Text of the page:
Tat Seng Packaging Group Ltd


It will just be a short write up today, but nevertheless still rich in content (cough).

Business Description

Tat Seng Packaging Group Ltd, together with its subsidiaries, manufactures and sells corrugated boards, corrugated cartons, and other packaging products in Singapore (16% of  FY15 revenue) and the People’s Republic of China (84%). Key client industries are printing (40% of FY15 revenue), medical (24%) and electronics (20%).

Valuations and Financials

Tat Seng has a market capitalisation of SGD61.3mn with a net cash of SGD17.6mn! Based on FY15 numbers, the company is currently trading at:

P/E: 4.8x

P/B: 0.6x

D/E: 0.2x

Dividend yield: 2.5%

Factor in the net cash position and these metric would be about 20% cheaper. Operations have remained stable in the past 5 years.

Tat Seng

What I like most is that the company has managed to compound book value (a measure of shareholder’s value) at 12.5% CAGR.

What I don’t like about the company

The business is not very free cash flow generative. FY15 FCF yield is around 40% but it was an anomaly. FCF between 2011-2014 have averaged around SGD1mn.

Trade receivables and trade payables are the biggest balance sheet items. I’m not sure if this is an industry trait, but what is worrying is that receivables have grown ahead of revenue. Between 2010 to 2015, receivables have almost doubled while revenue has only increased by 38%. This is definitely not a good sign.

Final words

China will clearly be the main driver of profits going forward. Unfortunately, I don’t have much insight regarding the outlook of China packaging. Nevertheless, given its cheap valuations, Tat Seng is definitely a worthy consideration for any value portfolio. The bottom line would be – is the margin of safety sufficient for the discomfort of its receivables growth?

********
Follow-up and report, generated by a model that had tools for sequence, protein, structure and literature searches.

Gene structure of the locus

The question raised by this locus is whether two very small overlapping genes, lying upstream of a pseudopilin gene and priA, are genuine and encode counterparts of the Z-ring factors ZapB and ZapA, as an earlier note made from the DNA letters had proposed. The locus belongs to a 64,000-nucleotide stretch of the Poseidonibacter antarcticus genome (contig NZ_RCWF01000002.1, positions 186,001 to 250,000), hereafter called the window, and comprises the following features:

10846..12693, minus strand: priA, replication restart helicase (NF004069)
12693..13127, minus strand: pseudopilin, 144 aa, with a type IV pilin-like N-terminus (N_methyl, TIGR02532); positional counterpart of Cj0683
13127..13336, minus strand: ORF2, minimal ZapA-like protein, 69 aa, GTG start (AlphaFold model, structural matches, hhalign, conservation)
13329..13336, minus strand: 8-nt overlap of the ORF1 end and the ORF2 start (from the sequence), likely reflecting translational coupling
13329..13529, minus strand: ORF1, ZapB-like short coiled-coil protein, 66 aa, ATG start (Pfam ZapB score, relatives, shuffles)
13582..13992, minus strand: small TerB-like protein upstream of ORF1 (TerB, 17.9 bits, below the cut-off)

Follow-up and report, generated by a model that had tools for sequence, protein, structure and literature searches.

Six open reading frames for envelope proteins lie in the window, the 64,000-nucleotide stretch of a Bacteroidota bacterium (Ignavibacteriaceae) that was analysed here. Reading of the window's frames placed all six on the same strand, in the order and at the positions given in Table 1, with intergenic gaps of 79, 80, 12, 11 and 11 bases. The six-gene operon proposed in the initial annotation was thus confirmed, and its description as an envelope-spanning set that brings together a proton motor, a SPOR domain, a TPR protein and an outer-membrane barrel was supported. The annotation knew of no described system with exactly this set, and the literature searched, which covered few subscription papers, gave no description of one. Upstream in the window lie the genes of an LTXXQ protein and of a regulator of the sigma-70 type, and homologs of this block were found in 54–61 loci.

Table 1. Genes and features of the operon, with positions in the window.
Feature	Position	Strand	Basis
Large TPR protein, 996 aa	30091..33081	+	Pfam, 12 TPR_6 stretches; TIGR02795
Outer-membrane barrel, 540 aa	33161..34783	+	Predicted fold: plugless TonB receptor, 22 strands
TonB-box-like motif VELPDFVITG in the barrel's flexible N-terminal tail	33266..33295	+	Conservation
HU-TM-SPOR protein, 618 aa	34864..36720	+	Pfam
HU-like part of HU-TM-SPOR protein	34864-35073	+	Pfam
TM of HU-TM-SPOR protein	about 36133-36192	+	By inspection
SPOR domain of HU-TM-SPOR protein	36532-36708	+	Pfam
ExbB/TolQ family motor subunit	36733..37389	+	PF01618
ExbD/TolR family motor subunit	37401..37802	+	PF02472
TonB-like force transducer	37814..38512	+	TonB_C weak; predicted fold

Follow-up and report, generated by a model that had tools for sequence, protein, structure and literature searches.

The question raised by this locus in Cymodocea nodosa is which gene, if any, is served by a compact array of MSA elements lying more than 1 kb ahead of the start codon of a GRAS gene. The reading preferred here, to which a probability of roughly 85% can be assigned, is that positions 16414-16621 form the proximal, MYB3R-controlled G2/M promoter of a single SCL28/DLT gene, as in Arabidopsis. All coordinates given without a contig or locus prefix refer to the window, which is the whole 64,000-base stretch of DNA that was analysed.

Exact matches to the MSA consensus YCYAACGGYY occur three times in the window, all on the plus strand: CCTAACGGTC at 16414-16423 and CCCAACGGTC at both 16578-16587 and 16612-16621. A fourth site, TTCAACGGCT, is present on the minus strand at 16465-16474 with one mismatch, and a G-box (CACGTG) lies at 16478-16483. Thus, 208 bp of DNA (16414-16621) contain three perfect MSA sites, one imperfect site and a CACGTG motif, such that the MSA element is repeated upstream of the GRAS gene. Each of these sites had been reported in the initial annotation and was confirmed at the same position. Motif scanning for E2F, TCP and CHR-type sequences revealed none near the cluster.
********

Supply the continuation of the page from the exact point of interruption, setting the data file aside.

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Tee Leng is the co-founder and co-editor of ValueEdge. His investment articles have been published on ValueWalk, NextInsights and TheFinance.sg. Tee Leng is also the investment director of TwinPeak Capital, a private family office with 7 figures under advisement. Additionally, Tee Leng is the Director of NCK Global Capital and is a frequent guest speaker at institutions such as University College London (UCL) and at investment seminars held in Singapore.


  1. I used to work in a corrugated plant and was a direct competitors about 30 years ago. The industries has no moat. The main competitative age is price and delivery turnaround time. One way to make more money is to time the purchase of paper stock which is a major cost component. This is the low end of the technology industries with silkscreen printing of larger corrugated boxes. It is the barometer for manufacturing activities of the country. If manufacturing is down, you can be sure corrugated carton requirement will reduce accordingly. You cannot product goods without first ordering the packaging material first. If receivables is increasing, it means that manufacturing is down and its customers are having cash flow problem.

    • Thank you for sharing Steve and I fully agree about what you have said. I think its interesting thought that Tat Seng has managed to grow sales (and in China no less) where the economy has been slowing down in recent years. I have to admit though, that I have not looked very deeply into Tat Seng. I just wanted to flag it out because the valuations caught my eye.

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